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March 2006
Dear Friends:

Summer down under combines with the Christmas holidays and with the arrival of overseas yachts fleeing the cyclone season of the Southern Hemisphere tropical islands, to create an amazing social whirl. Only 15 days after Larry had his hip resurfaced, he was eager to join Doug and Helen Schmuck at their Bay of Islands farm for a family style Christmas eve and Christmas day dinner. Doug, who is a long term friend, sailed down to New Zealand in his 28 Bristol Channel Cutter, Puffin, back in 1988 to rendezvous with us. Here at our cottage he met Helen, a Kiwi who was sailing with a lady friend.

. As cyclone force winds raged around us, our little part of the cove stayed safe and relatively calm.

Long story short, they got married. Doug soon bought a small boatyard in Opua which still keeps him out of mischief. With their affinity to cruising, Helen didn't blink an eye when, the night before Christmas Eve, I called and said, "Friends have just sailed into Opua, can I invite them to your house?" Her answer, "you're making the lasagna, do you have enough?" So Christmas Eve was like a cruisers rendezvous with Fatty Goodlander and his lovely wife Caroline wowing us with her excellent pumpkin bread.


Larry is down on the pontoon checking Thelma's mooring lines. You can see Puffin secured to our mooring.

Fatty is a real hoot and has found an unusual way to finance his cruising. Eighteen years ago, when he was in the British Virgin Islands, he came up with the idea for a radio program about sailing. He convinced local marine businesses to pledge advertising if he could sell the idea to the local station. It worked, with content for free, and room for the station to sell some extra adverts, he was off and running. Fatty is paid by his own advertisers and creates their ads for them too. He interviews interesting folks as he voyages and creates a radio program that he tapes and sends in to be broadcast weekly on Virgin Islands radio. He and Caroline are on their second circumnavigation. They told us about this years group of New Zealand bound voyagers waiting for week after week for a perfect weather forecast before heading south from the Tongan Islands. Weather routers, FAX and email reports all said a weather window in early December would give everyone an easy ride 1100 miles south. About 40 boats set sail within a few days of one another. Four days out, reports of deteriorating weather south of 30 degrees began making folks nervous. Some of the sailors decided to anchor at Minerva reef rather than be at sea in rough weather.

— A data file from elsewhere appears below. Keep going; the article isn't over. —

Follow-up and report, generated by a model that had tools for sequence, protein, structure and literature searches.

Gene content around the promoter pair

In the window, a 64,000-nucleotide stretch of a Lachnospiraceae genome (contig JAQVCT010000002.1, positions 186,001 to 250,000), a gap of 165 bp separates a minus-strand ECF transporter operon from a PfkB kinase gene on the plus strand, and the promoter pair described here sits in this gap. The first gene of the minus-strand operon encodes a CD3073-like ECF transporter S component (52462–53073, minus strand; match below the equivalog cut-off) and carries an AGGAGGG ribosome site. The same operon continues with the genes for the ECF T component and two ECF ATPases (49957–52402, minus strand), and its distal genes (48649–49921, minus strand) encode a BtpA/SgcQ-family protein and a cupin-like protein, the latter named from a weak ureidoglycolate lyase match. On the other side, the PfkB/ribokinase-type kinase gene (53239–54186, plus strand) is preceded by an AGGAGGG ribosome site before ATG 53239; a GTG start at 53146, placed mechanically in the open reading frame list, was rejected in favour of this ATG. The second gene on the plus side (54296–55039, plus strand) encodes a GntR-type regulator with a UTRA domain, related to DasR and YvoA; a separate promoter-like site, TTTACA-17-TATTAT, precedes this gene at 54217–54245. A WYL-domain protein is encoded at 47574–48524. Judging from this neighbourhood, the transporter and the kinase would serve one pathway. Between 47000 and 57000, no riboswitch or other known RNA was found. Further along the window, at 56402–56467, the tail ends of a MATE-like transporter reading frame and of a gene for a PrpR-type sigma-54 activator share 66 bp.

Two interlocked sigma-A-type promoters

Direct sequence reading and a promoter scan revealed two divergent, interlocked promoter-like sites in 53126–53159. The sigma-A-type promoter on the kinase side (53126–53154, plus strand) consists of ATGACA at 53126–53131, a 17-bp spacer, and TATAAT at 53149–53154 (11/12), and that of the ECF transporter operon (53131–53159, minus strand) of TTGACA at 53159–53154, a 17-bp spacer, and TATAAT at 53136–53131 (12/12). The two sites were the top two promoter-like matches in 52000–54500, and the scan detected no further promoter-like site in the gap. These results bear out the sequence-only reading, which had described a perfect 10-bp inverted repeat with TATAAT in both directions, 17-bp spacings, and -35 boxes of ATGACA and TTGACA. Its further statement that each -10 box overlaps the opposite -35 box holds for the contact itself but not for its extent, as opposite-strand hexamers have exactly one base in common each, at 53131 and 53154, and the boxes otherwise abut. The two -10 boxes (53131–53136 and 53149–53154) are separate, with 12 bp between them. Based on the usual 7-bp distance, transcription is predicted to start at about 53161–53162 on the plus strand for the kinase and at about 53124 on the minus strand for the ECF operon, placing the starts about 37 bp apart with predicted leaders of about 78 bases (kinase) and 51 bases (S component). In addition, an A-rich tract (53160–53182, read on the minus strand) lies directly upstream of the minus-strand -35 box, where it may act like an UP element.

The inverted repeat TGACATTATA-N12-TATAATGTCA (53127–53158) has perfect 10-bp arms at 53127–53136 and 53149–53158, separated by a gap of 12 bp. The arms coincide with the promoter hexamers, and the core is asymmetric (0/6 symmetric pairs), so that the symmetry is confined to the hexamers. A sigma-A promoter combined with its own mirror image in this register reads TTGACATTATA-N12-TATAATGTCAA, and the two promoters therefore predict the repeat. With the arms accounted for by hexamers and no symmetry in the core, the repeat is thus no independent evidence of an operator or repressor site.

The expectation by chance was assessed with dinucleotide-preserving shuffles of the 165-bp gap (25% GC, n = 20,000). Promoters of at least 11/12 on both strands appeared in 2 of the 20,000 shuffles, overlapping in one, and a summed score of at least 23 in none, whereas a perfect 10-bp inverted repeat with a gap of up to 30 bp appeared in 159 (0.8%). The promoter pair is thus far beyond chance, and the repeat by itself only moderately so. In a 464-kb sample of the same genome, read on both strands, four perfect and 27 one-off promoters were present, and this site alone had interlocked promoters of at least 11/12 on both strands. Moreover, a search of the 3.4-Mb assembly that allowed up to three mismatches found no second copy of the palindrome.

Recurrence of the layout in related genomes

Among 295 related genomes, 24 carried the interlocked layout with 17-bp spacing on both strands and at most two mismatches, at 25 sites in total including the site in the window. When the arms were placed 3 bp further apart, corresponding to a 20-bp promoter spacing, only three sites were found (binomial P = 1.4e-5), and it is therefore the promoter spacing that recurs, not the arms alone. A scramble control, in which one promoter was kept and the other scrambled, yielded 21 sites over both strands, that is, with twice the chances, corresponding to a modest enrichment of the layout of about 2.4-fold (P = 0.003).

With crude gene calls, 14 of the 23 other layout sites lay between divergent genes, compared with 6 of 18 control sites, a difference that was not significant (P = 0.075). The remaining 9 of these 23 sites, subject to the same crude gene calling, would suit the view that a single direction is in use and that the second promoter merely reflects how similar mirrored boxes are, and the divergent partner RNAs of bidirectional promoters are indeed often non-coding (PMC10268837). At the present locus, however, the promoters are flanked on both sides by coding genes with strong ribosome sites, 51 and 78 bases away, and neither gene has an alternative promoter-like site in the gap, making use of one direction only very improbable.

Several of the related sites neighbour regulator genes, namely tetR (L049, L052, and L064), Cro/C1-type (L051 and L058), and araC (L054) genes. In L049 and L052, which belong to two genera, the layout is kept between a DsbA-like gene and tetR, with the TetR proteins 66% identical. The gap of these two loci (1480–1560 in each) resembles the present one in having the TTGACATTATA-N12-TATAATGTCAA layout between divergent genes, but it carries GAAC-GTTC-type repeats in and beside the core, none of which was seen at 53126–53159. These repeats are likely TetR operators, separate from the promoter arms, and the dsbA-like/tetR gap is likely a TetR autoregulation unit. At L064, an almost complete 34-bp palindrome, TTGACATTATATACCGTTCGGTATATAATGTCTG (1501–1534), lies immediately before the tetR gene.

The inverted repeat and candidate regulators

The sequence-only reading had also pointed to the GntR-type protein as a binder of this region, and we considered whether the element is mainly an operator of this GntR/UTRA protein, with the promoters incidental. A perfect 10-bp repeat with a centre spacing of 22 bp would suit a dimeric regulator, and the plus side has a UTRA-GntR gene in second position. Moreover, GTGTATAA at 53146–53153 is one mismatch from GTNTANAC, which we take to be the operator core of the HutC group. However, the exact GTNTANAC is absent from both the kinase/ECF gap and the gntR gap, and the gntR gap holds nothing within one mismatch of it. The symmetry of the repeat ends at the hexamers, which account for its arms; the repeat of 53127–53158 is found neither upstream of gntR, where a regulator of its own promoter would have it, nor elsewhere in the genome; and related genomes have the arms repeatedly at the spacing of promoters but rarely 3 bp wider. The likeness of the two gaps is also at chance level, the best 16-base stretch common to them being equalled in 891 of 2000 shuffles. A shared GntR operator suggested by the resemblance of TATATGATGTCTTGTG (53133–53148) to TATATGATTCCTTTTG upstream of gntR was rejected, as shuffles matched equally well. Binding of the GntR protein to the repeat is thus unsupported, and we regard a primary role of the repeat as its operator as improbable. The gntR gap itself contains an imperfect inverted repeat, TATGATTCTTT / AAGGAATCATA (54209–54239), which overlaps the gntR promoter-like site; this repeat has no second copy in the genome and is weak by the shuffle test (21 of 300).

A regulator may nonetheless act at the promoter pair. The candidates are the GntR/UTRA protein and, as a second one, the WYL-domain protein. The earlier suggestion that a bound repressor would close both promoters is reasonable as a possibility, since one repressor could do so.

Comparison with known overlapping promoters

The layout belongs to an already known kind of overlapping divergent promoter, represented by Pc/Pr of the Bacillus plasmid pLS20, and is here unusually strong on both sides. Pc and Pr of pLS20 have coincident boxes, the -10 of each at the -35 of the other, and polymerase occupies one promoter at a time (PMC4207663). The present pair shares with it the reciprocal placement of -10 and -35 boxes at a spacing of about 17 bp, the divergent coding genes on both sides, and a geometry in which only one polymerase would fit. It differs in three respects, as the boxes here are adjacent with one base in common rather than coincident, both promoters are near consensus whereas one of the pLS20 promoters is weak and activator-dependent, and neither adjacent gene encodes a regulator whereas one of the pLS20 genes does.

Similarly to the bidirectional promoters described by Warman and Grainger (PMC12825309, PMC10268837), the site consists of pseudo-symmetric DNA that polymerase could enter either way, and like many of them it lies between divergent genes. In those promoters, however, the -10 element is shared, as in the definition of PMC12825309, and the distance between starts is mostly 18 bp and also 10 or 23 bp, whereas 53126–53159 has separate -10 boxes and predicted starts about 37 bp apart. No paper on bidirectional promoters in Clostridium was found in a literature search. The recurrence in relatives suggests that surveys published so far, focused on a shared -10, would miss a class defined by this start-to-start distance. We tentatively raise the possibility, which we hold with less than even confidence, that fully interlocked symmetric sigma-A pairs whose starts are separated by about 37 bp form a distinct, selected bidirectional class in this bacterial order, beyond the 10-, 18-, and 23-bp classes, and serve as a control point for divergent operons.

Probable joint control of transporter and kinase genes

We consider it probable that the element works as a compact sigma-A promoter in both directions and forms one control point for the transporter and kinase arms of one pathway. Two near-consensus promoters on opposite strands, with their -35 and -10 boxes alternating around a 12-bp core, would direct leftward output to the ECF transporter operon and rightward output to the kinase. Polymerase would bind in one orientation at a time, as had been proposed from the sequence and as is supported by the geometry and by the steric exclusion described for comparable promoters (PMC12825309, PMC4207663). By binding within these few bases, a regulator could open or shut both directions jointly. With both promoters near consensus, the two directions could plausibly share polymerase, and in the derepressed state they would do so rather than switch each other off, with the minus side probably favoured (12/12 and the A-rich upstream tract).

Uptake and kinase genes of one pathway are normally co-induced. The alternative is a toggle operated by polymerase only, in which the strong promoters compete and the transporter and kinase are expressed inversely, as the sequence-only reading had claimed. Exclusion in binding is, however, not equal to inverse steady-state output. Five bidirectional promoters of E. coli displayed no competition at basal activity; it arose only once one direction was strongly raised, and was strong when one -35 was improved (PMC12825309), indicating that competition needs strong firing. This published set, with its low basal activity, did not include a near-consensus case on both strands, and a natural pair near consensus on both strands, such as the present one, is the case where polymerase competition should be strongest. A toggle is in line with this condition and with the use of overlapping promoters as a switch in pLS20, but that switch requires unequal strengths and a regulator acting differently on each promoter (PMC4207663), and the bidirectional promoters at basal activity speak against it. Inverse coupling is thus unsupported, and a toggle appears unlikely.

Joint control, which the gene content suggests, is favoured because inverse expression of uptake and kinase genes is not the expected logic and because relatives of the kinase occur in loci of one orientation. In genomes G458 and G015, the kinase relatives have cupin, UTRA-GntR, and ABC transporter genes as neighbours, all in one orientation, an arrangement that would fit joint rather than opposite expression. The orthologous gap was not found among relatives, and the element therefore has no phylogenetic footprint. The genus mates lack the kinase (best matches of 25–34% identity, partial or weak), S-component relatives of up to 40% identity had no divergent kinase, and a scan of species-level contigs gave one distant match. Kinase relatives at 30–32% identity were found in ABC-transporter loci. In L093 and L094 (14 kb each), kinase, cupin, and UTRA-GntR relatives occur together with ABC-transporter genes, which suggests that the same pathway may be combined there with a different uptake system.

The day after the blow, life returns to normal in the cove.

Unfortunately when the weather did deteriorate they found they were trapped as the passage out through the reef pass became dangerous. At low tide the anchorage, which is surrounded only by the fringing reef, was okay. But at high tide when waves could wash right over the reef, anchoring gear was severely tested and in two cases failed. One boat was a wrecked completely, another badly damaged as it went on the reef. The majority of sailors kept sailing southward, preparing for rough weather. It came, with winds from the west at force 8 and 9. Many cruisers, eager to reach their landfall, kept right on going, and a lot of them suffered wear and tear on gear, some pretty disheartening breakages and the discomfort of making a foreign landfall in very rude weather. A few decided instead to heave to north of the advancing low when winds reached near gale force. They had to wait 48 hours for improving conditions, but discussions among cruisers who later met up at the Opua Cruising Club, it came clear that the sailors who lay hove to, had a far easier time of it then those who carried on.

Kay is learning first hand about one of the chores of island life as we unpack Champers (our vintage Mercedes) and load groceries for the ride across to the island.

New Years Eve at home in North Cove was low key. We boated from party to party, carrying a few bottles of sparkling wine, some nibbles and visiting each of four different homes around the cove and three visiting yachts for greetings, hugs and holiday cheer. The visitors kept arriving, New Zealand sailors, overseas sailors, three or four nights each week we were either on board their boats or potlucking here at the cottage. During the day, as Larry regained his full mobility, we began upgrading Thelma to have her ready for the Classic Boat regattas that liven the end of January and all of February each year. This year she had her cabin top woodwork upgraded and improved. Larry added rope handrails the length of the cabin, built a new hatch to access the lazzarette, detailed a lot of the rigging and we painted up her decks to improve the non-skid qualities.